|Region||National Capital Region|
|Congressional districts||Part of the 6th district of Manila|
Santa Mesa is a district in Manila, Philippines. It is surrounded by Pasig River on the southwestern side, and by the San Juan River on its southern and eastern side. Land borders include the districts of San Miguel to the west and Sampaloc to the north; and to the northeast is Quezon City.
Santa Mesa formerly belonged to the Sampaloc area from which it was partitioned and separated after it had its own parish in 1911. The parish is now known as Old Sta. Mesa (Poblacion ), which extends from Victorino Mapa Street to Santa Mesa Boulevard (now Magsaysay Boulevard). The Santa Mesa area belongs to the 6th District of Manila and has 49 barangays (Barangays 587-636). It has a population of 98,901 as of 2007.
The name is given by the Jesuits derived from the name Santa Mesa de la Misericordia meaning "Holy Table of Mercy". Which is comes from the Parish Patron The Sacred Heart of Jesus, ( "The Center of The Table is The Sacred Heart which all Graces and Mercy flow down " ) The Tuazon family and landowner of Santa Mesa during the Spanish colonial period offered an obra pía ("pious work"), and provided social services to the people. Another possible derivation is from the Spanish for "Holy Mass".
The Town of Santa Mesa was situated in the alluvial deposits at the confluence of Pasig and San Juan Rivers. It was owned by a Jesuits religious order during the Spanish Era, and it is in this period that Santa Mesa got its name. Santa Mesa is better known for its role in the Philippine–American War, in which the area became a battlefield during the Philippine-American War. The conflict started when Pvt. William W. Grayson shot a Filipino soldier in San Juan Bridge between Santa Mesa and San Juan. (In late 2003, the National Historical Commission of the Philippines had determined that the conflict did not happen on San Juan Bridge, but at the juncture of Sociego and Silencio Streets.)
Up until the early American period, Sta. Mesa was just one of the barrios that comprised the Sampaloc area of Manila. In 1911, it became a separate religious district, which divided Sampaloc into two parishes. The created parish is now known as the Old Santa Mesa, which extended from V. Mapa to Sta. Mesa Boulevard. The neighborhood was composed of wealthy Spanish and Filipino families who built summer houses attracted to Santa Mesa’s cooler climate and the picturesque streets that were lined with ylang-ylang trees. The abundance of these trees started a perfume industry — flowers were harvested, pressed and the oil were exported in great quantities to perfumeries in France.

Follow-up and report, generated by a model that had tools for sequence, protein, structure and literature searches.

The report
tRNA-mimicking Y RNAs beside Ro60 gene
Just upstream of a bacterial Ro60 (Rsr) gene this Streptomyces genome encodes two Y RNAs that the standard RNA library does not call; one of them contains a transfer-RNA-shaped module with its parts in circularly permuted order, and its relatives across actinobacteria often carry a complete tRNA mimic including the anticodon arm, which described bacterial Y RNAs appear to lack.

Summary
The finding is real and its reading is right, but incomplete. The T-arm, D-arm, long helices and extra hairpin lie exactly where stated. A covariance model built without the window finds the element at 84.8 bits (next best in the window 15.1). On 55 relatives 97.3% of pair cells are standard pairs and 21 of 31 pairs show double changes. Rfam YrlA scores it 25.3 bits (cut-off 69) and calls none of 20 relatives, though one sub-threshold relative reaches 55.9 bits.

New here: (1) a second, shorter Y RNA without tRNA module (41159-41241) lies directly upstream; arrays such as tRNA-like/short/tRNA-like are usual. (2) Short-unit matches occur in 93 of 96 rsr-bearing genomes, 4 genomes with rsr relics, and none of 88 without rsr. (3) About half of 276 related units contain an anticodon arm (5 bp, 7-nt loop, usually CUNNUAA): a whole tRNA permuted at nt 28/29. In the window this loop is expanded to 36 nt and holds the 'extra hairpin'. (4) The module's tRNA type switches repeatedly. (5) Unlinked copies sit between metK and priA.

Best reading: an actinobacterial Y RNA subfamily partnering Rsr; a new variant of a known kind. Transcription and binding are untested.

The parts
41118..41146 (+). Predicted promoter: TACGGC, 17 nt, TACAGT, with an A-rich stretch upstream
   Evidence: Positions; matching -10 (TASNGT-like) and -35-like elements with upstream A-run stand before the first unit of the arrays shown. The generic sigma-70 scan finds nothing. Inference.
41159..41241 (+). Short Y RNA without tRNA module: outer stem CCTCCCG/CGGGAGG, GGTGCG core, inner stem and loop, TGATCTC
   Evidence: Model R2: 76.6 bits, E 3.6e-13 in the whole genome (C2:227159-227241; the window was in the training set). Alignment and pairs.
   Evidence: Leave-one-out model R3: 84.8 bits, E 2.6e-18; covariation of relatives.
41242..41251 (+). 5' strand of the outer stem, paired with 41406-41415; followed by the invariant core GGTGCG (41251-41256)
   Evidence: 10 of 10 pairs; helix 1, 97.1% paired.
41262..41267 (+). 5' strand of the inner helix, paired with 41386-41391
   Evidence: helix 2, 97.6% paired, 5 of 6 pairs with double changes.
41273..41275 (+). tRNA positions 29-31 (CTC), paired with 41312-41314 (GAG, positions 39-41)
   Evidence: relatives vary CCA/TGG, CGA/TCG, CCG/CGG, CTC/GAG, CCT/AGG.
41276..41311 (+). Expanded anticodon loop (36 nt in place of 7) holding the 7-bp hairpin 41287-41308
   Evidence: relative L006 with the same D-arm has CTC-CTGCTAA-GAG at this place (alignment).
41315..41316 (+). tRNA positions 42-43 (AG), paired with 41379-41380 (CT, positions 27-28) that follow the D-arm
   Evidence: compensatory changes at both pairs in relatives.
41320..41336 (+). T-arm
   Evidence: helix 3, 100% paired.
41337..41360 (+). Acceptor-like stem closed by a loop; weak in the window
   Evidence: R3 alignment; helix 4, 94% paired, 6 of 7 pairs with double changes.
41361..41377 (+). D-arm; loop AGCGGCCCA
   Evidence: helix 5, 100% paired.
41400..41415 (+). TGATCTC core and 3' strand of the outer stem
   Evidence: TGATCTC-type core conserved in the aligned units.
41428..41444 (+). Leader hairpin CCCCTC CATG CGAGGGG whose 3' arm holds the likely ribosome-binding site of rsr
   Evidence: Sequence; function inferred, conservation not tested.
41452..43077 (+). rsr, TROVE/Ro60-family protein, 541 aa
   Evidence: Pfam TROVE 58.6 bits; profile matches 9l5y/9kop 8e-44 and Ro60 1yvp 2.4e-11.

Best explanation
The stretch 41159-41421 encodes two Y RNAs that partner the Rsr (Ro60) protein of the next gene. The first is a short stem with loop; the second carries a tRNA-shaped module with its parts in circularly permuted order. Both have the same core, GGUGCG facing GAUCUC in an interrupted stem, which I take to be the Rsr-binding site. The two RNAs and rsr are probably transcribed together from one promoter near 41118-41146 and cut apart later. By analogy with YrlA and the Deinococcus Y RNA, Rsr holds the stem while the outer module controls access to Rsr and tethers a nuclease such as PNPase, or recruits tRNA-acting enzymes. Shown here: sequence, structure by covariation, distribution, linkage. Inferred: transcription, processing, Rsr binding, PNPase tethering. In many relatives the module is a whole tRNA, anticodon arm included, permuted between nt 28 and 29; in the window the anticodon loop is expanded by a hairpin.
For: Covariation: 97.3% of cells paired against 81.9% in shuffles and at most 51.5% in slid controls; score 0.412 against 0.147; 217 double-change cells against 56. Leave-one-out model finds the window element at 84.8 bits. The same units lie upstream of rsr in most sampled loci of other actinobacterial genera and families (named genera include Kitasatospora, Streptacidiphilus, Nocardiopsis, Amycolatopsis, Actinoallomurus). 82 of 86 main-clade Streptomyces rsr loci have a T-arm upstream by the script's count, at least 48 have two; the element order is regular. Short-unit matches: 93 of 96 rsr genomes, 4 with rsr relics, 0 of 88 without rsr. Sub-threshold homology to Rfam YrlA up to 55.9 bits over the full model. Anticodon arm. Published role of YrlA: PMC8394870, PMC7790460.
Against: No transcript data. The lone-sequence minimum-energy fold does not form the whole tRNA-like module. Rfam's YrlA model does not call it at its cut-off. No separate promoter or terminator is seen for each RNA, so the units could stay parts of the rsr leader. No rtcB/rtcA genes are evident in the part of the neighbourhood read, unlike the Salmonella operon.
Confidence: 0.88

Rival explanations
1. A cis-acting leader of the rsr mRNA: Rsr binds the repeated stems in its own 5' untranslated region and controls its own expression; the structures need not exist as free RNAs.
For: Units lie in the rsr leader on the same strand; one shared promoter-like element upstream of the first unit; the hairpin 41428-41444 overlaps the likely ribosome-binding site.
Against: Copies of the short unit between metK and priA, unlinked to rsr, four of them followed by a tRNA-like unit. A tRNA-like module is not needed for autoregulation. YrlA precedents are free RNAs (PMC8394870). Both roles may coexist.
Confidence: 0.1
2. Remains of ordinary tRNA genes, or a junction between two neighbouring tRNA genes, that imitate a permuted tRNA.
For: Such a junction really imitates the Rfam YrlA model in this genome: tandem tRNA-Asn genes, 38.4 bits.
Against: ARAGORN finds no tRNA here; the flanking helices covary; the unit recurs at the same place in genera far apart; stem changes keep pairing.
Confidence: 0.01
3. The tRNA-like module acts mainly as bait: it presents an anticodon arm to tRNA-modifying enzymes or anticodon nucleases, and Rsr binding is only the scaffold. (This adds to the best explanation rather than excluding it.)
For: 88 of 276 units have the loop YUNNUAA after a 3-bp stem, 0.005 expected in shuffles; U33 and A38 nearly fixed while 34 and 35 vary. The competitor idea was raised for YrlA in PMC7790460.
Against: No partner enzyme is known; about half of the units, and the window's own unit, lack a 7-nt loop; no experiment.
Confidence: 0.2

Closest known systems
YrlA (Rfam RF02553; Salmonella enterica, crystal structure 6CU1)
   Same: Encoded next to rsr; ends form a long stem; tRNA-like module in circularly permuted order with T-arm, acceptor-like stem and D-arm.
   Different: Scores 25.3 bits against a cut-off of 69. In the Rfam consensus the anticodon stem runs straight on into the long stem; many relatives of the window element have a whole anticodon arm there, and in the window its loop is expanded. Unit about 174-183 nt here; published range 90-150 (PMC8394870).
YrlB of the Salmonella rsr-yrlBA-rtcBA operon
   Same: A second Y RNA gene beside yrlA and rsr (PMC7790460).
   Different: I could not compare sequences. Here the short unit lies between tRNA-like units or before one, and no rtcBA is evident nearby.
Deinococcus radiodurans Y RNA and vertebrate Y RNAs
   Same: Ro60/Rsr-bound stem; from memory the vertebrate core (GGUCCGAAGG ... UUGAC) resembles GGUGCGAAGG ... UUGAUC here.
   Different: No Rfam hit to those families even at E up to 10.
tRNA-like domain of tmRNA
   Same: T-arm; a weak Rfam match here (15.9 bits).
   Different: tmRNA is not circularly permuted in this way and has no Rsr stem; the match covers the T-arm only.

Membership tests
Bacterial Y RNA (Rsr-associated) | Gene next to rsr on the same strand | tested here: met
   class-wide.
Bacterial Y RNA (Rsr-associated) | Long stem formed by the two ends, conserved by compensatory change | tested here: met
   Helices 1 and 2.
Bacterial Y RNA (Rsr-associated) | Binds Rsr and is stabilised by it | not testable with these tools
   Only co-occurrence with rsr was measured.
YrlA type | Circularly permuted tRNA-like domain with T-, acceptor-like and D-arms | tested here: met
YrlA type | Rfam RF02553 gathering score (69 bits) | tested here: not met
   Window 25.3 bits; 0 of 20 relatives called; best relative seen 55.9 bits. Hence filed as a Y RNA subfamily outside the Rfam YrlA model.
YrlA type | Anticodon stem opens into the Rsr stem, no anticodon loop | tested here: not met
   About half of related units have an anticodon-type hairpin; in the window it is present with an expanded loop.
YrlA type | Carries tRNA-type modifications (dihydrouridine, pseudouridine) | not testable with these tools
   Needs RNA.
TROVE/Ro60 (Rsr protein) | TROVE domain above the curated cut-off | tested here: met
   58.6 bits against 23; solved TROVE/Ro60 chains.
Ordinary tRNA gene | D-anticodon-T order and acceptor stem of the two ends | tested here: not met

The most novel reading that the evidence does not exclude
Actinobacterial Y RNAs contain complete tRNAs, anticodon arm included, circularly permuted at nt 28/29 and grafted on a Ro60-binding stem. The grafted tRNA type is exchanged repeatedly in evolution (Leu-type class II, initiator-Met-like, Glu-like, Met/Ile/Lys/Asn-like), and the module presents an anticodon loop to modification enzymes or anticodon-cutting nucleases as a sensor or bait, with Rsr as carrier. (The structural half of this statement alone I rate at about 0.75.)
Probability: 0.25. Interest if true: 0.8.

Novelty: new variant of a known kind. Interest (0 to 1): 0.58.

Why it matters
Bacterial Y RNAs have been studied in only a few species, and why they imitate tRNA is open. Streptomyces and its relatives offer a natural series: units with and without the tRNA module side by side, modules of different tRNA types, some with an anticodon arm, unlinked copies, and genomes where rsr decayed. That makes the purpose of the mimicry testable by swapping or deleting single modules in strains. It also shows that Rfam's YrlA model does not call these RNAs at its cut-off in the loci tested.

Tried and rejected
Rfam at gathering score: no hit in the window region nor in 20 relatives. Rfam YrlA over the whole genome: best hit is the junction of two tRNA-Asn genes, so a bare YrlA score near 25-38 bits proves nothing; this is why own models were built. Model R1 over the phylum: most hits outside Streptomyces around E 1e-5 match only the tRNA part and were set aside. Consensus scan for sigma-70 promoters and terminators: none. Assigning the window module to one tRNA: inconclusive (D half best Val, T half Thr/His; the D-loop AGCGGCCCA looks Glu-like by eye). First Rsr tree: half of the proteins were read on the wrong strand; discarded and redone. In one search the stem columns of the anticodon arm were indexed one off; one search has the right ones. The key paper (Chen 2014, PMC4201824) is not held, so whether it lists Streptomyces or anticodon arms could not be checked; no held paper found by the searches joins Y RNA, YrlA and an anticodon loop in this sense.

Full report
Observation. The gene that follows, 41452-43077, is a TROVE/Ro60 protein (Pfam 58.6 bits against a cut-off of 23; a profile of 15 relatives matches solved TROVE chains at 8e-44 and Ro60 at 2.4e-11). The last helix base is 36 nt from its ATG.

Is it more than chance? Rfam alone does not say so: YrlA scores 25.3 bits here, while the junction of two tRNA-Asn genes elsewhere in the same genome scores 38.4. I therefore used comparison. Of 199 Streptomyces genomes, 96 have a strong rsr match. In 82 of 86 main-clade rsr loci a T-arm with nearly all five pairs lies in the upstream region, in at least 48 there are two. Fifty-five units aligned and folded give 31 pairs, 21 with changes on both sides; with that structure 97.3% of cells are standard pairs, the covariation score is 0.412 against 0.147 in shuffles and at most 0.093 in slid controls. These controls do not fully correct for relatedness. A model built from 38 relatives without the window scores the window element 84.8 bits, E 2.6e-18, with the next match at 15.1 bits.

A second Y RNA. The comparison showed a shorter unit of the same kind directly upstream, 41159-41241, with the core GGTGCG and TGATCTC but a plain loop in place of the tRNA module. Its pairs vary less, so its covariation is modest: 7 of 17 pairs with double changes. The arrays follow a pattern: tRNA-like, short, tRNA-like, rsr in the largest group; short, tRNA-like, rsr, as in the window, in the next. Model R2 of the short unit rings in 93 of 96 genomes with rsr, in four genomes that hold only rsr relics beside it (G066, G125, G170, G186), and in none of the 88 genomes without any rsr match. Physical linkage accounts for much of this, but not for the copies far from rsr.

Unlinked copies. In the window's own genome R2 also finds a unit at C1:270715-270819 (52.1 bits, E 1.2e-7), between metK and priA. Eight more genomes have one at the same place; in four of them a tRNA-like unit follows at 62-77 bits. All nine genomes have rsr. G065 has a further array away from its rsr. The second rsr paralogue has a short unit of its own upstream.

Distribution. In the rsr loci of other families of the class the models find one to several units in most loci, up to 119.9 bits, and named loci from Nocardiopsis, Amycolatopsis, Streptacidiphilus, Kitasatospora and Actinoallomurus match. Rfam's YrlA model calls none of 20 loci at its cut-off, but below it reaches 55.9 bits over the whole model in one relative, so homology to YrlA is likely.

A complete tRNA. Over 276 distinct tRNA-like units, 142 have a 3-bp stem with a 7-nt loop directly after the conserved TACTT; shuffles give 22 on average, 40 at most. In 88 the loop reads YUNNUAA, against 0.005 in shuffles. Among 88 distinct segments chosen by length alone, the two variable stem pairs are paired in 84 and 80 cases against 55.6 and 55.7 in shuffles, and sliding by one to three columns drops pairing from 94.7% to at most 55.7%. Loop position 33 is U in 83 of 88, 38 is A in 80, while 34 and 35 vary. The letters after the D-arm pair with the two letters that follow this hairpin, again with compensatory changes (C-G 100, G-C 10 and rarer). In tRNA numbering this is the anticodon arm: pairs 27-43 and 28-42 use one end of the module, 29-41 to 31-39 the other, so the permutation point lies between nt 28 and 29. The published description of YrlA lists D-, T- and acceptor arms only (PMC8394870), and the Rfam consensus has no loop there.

The small community became the location of the hospital to treat the wounded during World War II. The town experienced its growth after the war. Santa Mesa was the site of a 1950s suburban development because of its proximity to central Manila. The Santa Mesa Market was constructed around this period. It was a big shopping complex, and became popular for the selling of Post eXchange goods from U.S. bases in the Philippines.
Sampaloc and Santa Mesa was absorbed by Manila in the 19th Century, along with other towns and settlements. When the Congressional Districts of Manila was created, Sta. Mesa was separated from Sampaloc, falling to the jurisdiction of District 6. The national census still considers Sta. Mesa as a part of Sampaloc.
Santa Mesa is located in the eastern section of the City of Manila. It is bounded to the west by Lacson Avenue separating it from San Miguel; by Ramon Magsaysay Boulevard to the north bordering it from Sampaloc. The northeast boundary of Santa Mesa is west of SM City Sta. Mesa shopping mall. Although the mall has "Santa Mesa" on its name, it is located in Quezon City very near the city limits of Manila.
The southwestern side of Santa Mesa is along Pasig River while the southern and eastern sides are along San Juan River. Across San Juan River are the cities of San Juan to the east and a small portion of Mandaluyong City to the southeast. Across Pasig River, are the Manila areas of Santa Ana to the south and Pandacan to the southeast.
The topography of the area is relatively flat as some of the natural variations in elevations have been evened out due to urbanization.
Sites of interest
- Bacood Community
- Bacood Park
- Banda Kawayan Pilipinas (Bamboo Band Philippines)
- Baptist Bible Church
- United Church of Christ in the Philippines (UCCP - Bacood)
- Hampstead Gardens
- Philippine Independent Church Bacood (Good Shepherd Parish)
- Landcom Village I
- Mabini Shrine (Manila), former home of Apolinario Mabini, Philippines Revolution hero, located inside PUP.
- Our Lady of Fatima Church
- Our Lady of Lourdes Hospital
- Polytechnic University of the Philippines
- Recurso de Madriaga Pescado
- Sacred Heart of Jesus Catholic School
- Sacred Heart of Jesus Parish Church
- Nuestra Senora de Salvacion De Manila Parish ( Our Lady of Salvation / Ina ng Kaligtasan )
- Santa Mesa-Rotonda Interchange
- "Final Results - 2007 Census of Population". Census population of the Philippines. Philippines: National Statistics Office. April 2008. Retrieved 28 August 2009.
Total Population and Annual Population Growth Rates by Region: Population Censuses 1995, 2000, and 2007line feed character in
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- Alcazaren, Paulo (2012-06-13). "Sta. Mesa: Manila's northeastern edge" PhilStar.com. Retrieved on 2014-09-19.
- "Metro Manila Malls - SM City Sta. Mesa". SM Prime. Retrieved on 2014-11-23.
- Manila – Official website
||Sampaloc, Manila||Sampaloc, Manila||Quezon City|
|San Miguel, Manila||San Juan City|
|Pandacan, Manila||Santa Ana, Manila||Mandaluyong|